The purpose of this study was to investigate the prognostic role of N-terminal pro–B-natriuretic peptide (NT-proBNP) serum level compared with C-reactive protein (CRP) level and creatinine clearance (CrCl) for the subsequent risk of cardiovascular events in a large cohort of patients with stable coronary heart disease (CHD).
Serum concentrations of NT-proBNP and CRP and CrCl were measured at baseline in a cohort of 1051 patients aged 30 to 70 years with CHD. The Cox proportional hazards model was used to determine the prognostic value of NT-proBNP, CRP, and CrCl on a combined cardiovascular disease (CVD) end point (fatal and nonfatal myocardial infarction and stroke).
During follow-up (mean of 48.7 months), 95 patients (9.0%) experienced a secondary CVD event. Patients in the top quartile of the NT-proBNP distribution at baseline had a hazard ratio (HR) of 3.34 (95% confidence interval [CI], 1.74-6.45) for subsequent secondary CVD events compared with those in the bottom quartile (P for trend <.001) after controlling for age, sex, smoking status, history of diabetes mellitus, initial management of CHD, rehabilitation clinic, high-density lipoprotein cholesterol, low-density lipoprotein cholesterol, and treatment with lipid-lowering drugs. For CRP, the corresponding HR was 1.76 (95% CI, 0.96-3.24) (P value for trend, .06). Patients with CrCl levels lower than 60 mL/min had an HR of 2.39 (95% CI, 1.06-5.40) compared with patients with a CrCl of 90 mL/min or higher (P for trend, .002). If all 3 markers were included simultaneously in 1 model, NT-proBNP still showed predictive ability for recurrent CVD events.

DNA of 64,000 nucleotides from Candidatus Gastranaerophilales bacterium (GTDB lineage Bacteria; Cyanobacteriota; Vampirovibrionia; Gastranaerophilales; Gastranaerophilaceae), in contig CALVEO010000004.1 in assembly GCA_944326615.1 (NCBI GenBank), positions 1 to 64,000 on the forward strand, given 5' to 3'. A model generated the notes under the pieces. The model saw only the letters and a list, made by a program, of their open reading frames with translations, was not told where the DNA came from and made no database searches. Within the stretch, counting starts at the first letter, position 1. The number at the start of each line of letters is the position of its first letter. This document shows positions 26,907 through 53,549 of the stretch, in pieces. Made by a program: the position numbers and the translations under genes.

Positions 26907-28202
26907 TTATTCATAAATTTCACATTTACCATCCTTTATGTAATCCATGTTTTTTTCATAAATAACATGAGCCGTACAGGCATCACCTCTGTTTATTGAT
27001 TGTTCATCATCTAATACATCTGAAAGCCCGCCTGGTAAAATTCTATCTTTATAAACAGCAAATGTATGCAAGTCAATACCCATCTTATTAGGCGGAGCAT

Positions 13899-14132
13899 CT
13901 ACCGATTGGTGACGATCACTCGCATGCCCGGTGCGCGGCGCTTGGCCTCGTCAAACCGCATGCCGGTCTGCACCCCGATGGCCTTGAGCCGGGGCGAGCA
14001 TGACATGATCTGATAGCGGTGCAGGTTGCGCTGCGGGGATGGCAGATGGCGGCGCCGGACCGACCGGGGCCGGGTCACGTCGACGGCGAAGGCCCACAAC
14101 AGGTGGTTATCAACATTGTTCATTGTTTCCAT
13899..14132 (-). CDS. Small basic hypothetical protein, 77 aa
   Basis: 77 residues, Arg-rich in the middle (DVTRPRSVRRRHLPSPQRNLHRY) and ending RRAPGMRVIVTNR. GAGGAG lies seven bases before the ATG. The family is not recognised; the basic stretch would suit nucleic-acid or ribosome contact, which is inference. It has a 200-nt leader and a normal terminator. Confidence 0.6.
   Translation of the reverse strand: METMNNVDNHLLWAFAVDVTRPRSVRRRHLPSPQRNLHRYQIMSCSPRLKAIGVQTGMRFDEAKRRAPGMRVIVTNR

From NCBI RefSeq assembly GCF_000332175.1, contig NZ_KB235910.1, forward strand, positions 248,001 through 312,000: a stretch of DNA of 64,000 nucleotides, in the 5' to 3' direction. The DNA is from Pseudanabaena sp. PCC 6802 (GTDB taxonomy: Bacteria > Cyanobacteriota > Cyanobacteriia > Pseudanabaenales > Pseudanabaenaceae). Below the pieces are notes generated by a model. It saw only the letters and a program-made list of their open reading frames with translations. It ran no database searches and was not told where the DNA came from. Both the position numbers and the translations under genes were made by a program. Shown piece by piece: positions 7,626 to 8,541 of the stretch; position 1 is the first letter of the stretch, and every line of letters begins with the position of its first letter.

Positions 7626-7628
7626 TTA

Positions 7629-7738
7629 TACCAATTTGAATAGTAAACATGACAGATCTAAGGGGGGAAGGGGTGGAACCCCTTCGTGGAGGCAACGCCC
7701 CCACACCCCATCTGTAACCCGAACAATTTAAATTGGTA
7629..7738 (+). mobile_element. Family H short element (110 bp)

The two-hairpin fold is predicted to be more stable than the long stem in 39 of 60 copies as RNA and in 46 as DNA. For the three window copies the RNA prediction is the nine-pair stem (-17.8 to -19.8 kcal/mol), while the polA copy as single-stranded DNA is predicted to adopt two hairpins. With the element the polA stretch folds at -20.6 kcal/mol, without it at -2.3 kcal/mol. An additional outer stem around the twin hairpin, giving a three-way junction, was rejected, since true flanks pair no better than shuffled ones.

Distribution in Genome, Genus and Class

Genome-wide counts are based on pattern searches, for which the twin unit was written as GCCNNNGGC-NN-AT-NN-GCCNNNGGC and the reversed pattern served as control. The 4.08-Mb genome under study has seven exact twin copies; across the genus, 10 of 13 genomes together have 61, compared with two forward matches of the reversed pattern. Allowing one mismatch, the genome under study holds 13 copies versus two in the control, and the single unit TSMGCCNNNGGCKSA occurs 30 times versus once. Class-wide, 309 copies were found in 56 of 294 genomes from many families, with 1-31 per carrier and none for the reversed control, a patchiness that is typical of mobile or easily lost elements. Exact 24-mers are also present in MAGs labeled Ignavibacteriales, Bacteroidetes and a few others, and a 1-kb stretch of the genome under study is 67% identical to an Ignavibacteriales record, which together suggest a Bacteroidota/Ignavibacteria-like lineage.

N-terminal proBNP may be a clinically useful marker weeks after an acute coronary event and may provide complementary prognostic information to established risk determinants.